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Jonas Salk's polio vaccine developed 65 years ago

Vaccine development is much different now than in it was in 1955.

SAN DIEGO — A vaccination against polio developed by Jonas Salk was proven effective 65 years ago this week. Today, the race is on to develop a coronavirus vaccine.

Salk discovered the polio vaccination in 1955.  

It was produced from the polio virus itself. Salk used formaldehyde to kill the virus before it was injected into patients.

“Jonas' vaccine was a killed version of the virus. If you followed the protocol correctly, you would have a dead virus. There was never any chance of anybody being infected by the vaccine,” said Dr. Greg Lemke, a professor at Salk Institute in La Jolla. 

Lemke worked with Salk during the final decade of Salk’s life.

Early problems with Salk's polio vaccine came up when a California lab producing the vaccine failed to fully kill the virus.

Lemke said that is not an issue with modern vaccines because scientists do not inject the entire virus into patents. Instead, they will use proteins from the coronavirus virus to trigger an antibody response.

“There is not the kind of risk that you had back in the day when you were injecting killed or weakened versions of entire viruses,” said Lemke.

Because coronavirus is a new virus, Lemke said it's going to take time -- perhaps more than a year – to develop a vaccine.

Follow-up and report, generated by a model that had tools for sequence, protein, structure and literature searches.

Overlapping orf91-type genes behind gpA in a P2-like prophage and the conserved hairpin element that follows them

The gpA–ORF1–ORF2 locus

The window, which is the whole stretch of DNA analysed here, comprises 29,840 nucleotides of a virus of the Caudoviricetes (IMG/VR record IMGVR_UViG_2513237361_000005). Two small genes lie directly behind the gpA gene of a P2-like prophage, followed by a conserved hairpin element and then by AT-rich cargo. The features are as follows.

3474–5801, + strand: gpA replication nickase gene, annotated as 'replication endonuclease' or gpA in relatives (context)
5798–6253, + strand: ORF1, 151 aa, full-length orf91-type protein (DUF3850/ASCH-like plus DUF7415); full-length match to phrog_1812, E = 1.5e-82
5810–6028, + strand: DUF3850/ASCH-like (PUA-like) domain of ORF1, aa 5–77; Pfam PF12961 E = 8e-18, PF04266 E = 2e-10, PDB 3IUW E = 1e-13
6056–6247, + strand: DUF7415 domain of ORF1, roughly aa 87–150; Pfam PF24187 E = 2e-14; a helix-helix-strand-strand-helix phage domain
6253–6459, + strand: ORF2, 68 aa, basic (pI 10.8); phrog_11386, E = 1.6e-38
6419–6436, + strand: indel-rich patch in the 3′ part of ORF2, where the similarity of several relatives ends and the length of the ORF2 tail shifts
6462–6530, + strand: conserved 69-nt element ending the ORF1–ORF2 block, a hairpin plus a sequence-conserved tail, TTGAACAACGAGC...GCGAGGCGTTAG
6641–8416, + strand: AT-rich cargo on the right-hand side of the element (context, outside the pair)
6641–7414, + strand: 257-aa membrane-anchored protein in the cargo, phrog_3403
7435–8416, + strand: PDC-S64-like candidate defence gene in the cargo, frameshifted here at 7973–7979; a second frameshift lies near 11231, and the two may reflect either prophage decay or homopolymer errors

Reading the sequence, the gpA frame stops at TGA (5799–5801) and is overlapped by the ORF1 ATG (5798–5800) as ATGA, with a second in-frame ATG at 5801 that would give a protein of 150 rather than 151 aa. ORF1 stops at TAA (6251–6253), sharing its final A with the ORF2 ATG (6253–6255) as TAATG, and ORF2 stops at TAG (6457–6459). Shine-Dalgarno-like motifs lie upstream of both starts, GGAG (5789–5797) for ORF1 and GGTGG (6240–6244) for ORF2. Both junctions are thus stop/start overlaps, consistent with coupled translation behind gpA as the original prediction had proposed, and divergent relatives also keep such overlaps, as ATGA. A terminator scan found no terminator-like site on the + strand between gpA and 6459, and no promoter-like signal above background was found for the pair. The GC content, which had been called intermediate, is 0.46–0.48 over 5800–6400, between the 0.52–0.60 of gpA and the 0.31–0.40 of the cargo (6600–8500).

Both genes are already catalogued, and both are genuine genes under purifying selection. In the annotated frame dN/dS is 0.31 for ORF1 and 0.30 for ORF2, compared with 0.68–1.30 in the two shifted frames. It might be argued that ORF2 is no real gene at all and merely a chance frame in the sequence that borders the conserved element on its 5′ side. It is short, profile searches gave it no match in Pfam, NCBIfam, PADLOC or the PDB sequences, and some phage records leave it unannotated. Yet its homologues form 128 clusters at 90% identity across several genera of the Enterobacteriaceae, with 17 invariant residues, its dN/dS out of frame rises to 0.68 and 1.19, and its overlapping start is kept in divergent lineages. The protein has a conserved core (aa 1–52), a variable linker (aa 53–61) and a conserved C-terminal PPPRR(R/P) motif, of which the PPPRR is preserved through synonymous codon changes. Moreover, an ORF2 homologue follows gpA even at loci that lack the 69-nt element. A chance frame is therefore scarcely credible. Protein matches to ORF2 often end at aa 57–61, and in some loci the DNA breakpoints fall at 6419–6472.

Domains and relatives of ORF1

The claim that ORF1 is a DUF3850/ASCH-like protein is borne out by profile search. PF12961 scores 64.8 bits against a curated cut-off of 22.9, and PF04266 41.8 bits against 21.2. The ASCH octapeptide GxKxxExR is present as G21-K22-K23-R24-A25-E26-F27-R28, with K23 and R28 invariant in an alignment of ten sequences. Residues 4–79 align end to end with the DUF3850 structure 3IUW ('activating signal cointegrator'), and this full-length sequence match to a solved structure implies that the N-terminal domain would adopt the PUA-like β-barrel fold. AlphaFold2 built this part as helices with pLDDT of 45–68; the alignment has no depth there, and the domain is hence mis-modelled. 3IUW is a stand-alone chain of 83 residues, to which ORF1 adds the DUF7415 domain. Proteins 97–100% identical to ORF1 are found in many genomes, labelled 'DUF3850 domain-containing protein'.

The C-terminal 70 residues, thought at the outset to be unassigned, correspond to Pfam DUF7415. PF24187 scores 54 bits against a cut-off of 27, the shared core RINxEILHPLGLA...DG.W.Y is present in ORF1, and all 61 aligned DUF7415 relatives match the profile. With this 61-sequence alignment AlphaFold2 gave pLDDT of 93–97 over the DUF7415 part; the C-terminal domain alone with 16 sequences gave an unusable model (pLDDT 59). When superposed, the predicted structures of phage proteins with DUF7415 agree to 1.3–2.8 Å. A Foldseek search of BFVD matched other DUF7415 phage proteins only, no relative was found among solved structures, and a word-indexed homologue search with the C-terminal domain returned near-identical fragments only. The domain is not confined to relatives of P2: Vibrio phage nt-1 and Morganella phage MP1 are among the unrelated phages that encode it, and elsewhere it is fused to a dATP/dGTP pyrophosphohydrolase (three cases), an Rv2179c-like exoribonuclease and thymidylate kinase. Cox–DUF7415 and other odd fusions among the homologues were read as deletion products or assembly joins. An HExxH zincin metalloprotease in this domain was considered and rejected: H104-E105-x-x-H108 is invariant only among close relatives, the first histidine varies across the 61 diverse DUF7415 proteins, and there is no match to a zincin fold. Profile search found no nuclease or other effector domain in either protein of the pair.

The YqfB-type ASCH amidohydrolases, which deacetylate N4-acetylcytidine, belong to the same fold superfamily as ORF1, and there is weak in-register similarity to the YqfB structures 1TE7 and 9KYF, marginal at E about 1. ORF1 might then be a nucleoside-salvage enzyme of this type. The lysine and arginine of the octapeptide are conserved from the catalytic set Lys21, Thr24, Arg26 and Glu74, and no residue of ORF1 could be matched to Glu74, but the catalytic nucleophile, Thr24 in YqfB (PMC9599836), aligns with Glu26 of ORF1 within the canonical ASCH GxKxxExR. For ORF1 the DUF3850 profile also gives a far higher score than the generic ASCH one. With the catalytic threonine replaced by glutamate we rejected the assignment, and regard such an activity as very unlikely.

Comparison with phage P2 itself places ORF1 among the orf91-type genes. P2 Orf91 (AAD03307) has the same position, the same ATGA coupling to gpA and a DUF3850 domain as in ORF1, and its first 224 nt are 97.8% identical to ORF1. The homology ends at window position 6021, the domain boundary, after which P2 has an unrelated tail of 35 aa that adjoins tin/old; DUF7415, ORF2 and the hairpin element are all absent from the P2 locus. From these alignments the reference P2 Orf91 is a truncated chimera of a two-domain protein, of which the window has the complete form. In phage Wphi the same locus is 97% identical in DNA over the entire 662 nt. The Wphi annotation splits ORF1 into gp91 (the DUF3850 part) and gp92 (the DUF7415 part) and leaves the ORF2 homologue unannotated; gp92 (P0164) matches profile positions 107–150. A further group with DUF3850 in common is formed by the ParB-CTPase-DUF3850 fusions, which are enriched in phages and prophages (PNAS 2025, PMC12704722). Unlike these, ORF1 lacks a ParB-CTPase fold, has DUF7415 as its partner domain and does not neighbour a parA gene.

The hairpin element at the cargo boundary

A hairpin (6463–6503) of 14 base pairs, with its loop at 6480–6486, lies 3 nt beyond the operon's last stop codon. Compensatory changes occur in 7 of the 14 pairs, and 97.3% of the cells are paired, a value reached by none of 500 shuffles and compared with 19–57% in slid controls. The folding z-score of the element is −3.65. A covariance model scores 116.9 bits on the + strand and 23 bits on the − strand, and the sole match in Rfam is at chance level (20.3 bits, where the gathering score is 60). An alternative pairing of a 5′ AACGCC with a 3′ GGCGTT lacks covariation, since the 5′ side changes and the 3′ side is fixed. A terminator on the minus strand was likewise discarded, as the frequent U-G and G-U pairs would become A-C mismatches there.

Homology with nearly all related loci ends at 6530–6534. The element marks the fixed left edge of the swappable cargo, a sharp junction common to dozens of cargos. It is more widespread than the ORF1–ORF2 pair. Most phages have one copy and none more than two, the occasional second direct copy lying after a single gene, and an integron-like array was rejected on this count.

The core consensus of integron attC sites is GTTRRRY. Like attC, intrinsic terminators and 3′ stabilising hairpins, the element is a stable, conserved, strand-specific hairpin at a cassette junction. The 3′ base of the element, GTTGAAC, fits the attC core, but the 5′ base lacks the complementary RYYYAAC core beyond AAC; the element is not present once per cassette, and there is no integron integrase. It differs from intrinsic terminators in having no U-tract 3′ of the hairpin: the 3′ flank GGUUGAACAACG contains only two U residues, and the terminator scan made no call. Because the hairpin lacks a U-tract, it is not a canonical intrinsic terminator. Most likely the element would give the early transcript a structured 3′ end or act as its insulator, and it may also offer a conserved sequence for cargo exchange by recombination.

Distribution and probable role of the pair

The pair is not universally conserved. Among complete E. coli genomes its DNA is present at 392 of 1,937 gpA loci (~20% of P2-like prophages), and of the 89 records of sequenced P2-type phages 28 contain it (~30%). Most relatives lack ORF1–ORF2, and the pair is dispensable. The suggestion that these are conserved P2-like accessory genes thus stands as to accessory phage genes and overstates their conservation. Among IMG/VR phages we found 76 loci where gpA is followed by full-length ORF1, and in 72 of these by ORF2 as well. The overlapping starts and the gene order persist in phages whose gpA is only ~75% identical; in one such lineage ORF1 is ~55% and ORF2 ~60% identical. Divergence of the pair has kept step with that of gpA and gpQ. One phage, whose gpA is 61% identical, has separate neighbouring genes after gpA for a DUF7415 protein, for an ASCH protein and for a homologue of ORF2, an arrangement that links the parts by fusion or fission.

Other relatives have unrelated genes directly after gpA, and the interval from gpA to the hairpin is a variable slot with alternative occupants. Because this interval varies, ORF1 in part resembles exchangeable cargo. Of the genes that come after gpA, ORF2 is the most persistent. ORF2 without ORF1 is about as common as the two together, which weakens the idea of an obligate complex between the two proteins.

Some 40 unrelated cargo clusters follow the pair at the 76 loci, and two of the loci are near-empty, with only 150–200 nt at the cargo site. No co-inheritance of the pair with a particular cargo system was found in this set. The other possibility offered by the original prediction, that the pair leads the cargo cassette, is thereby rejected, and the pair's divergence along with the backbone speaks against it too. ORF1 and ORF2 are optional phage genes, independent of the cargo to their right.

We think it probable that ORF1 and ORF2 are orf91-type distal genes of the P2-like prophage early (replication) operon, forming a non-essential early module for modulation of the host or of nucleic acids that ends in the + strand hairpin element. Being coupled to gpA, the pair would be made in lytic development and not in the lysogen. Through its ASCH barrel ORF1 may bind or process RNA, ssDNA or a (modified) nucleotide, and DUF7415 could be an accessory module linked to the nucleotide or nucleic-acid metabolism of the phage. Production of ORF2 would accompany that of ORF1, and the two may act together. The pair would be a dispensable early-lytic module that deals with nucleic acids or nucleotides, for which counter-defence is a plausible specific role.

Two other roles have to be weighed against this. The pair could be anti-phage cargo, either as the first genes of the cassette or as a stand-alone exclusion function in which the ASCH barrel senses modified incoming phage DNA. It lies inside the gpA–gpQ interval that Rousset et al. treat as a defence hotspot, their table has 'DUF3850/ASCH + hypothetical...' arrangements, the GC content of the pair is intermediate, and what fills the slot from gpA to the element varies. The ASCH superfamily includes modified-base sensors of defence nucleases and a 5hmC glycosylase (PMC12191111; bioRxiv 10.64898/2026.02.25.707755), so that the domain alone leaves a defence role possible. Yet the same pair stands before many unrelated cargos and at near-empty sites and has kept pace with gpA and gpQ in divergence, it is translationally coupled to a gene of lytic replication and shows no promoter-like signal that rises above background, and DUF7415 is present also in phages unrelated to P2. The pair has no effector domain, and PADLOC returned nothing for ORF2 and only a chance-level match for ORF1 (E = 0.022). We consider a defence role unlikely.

“When you're testing a new vaccine you've got to inject it into people and you’ve got to wait. You’ve got to see whether they are responding. Eventually, you’ve got to do this to a large number of people so you know how the vaccine works,” Lemke said.

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Once a coronavirus vaccination is approved, scientists still don't know how long it will be effective. It will depend on how fast the virus mutates.

“Most times when things mutate – when an organism incurs mutations or when a virus mutates – mutation isn't something good. It's a mutation that makes the virus weaker,” said Lemke.

In the end, Lemke said, a vaccine will be the solution to knock down the worldwide pandemic, just like the Salk vaccination virtually eradicated polio.

If the coronavirus mutates over the coming years, it likely will get weaker and easier to fight as vaccines come into production.

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